NEW YORK – Gleyber Torres had just concluded a miserable late afternoon, the kind that makes you dwell on missed opportunities well into evening.
He’d gone 0-for-4 in a recent one-run loss to the Chicago White Sox, popping out in the ninth with the tying run aboard in the first game of a doubleheader.
A trail of regrets followed Torres into the clubhouse, until he walked into the family room at Yankee Stadium, where his smiling 14-month-old son Ethan waited.
Ten minutes spent playing with Ethan was enough to change Torres’ mood, put the 0-for-4 behind him, and approach the second game with better clarity.
And while it’s a bit overboard to give Ethan credit for his dad’s two-run homer in the game that followed, a 3-0 Yankees win, being a father has impacted Gleyber Torres in more ways than he imagined.
“In the past, I’d go straight to the house and just think about a bad situation – why did I strike out, or if I make an error,’’ said Torres. “And now, with a baby, I know I have something special when I get back home.
Gleyber Torres had thought of naming his son Gleyber Jr., but Torres and his wife concluded that it might pressure him to pursue baseball.
“If he doesn’t want to play baseball, I’m good with that,’’ said Torres, who is also a tennis and basketball fan. “I would love if he plays baseball, but I’ll support him with whatever he wants to do.’’
What’s most important for Torres is “really wanting to do the right thing’’ for Ethan, “to show him to do everything in the right way.’’
And that includes getting to know his extended family in Venezuela, beginning with a planned family trip this December.
His wife, Elizabeth, gave birth during spring training of 2022, and Ethan is already toddling into the clubhouse on certain Sunday afternoons, high-fiving Torres’ teammates.
Ethan can easily recognize his dad in highlight videos, and he’s already taken some swings with a toy bat.
“In the past, I saw many teammates like (Brett) Gardner, CC (Sabathia) bring their boys (to the Stadium), and I think it’s really special,’’ said Torres, whose own father, Eusebio, gifted his son with a unique name.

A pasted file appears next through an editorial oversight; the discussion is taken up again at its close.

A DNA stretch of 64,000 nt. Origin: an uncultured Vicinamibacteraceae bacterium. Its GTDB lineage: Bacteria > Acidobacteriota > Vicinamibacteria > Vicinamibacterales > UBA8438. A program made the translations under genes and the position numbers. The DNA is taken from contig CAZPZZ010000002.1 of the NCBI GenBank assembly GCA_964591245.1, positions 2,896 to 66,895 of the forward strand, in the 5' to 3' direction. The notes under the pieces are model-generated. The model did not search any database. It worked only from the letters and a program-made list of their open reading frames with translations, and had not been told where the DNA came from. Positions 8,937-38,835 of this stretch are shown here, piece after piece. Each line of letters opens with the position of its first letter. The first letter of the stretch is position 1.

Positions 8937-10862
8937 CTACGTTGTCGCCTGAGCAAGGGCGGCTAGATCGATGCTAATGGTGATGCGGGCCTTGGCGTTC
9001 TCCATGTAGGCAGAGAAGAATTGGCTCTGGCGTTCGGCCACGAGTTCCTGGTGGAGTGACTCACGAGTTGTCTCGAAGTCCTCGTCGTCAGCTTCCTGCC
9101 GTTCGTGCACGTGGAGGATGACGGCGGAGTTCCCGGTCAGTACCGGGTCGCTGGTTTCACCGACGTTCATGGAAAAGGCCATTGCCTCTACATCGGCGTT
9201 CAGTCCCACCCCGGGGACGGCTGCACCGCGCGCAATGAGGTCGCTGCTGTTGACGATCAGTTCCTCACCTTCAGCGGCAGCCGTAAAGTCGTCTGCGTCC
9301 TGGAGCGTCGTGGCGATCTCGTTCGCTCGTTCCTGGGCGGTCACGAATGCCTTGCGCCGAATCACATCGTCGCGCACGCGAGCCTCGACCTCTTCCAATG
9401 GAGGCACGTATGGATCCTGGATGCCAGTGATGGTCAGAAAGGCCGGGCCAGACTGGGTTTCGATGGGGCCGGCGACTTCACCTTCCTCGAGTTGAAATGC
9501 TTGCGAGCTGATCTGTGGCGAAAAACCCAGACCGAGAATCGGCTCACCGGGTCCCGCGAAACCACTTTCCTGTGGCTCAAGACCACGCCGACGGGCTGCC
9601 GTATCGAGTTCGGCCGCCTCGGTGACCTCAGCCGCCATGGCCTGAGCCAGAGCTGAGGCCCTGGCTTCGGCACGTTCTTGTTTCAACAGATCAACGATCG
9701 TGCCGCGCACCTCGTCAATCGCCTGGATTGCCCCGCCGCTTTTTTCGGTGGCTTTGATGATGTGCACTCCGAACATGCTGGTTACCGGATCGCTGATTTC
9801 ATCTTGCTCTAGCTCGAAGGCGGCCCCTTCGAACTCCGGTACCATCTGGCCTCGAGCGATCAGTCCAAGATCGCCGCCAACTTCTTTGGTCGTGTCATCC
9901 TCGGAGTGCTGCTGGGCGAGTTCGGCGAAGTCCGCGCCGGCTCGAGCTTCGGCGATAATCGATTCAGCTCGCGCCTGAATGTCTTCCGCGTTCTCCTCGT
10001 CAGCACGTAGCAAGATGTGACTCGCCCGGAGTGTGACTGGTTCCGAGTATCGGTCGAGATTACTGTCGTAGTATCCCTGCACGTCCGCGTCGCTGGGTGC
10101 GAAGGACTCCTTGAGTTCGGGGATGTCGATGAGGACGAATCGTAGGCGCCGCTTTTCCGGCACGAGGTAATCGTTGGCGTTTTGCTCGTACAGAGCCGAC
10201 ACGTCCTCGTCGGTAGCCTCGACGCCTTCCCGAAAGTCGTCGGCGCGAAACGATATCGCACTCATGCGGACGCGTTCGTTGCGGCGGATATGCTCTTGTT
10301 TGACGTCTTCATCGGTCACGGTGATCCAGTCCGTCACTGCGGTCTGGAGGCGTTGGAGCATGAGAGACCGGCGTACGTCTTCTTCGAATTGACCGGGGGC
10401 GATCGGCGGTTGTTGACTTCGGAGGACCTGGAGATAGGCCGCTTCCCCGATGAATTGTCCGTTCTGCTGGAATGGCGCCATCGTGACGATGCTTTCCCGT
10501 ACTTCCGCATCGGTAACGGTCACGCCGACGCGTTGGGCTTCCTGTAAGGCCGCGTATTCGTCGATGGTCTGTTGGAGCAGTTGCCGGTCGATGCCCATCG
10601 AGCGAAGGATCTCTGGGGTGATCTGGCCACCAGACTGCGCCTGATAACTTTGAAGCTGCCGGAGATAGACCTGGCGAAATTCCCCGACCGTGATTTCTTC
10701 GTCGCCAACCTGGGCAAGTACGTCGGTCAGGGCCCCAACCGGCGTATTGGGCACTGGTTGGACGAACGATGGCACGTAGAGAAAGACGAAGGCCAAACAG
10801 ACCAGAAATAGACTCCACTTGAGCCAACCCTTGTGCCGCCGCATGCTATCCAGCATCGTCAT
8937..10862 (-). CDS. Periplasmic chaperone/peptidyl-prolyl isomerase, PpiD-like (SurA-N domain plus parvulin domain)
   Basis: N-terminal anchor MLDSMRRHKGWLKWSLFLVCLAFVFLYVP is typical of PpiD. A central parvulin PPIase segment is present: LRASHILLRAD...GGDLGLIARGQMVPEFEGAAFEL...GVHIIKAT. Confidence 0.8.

Feeling at home in the Bronx
As a player, Torres spent his formative years in the Chicago Cubs system, until the July 2016 trade that brought him to the Yankees in exchange for Aroldis Chapman.
The Cubs won their elusive world championship that year. The Yankees received a player who reached the majors at age 21, and looked like a perennial All-Star until the pandemic-shortened 2020 season.
There was a failed experiment moving him from second base to shortstop, his original position, and a baffling drop in production after hitting 38 homers in 2019.
The occasional defensive lapses still occur, but Torres plays with greater ease and less stress at second base.
At 26, “I feel more mature, I’m still learning the game every day,’’ he said. “I feel like I’m more complete (as a player) right now,’’ though he is not content.
“For sure, I want to hit for power, but I want to hit .300 at some point, and be like MVP caliber,’’ Torres said. “That is the mindset for me.’’
Torres also can’t ignore hearing his name in potential trade discussions, and this winter probably won’t be any different, with one full season remaining of the Yankees controlling his contract.
“I know in two years, I’m going to be a free agent and who knows about the future,’’ Torres said. “But this is home for me and for sure, I don’t want to leave.’’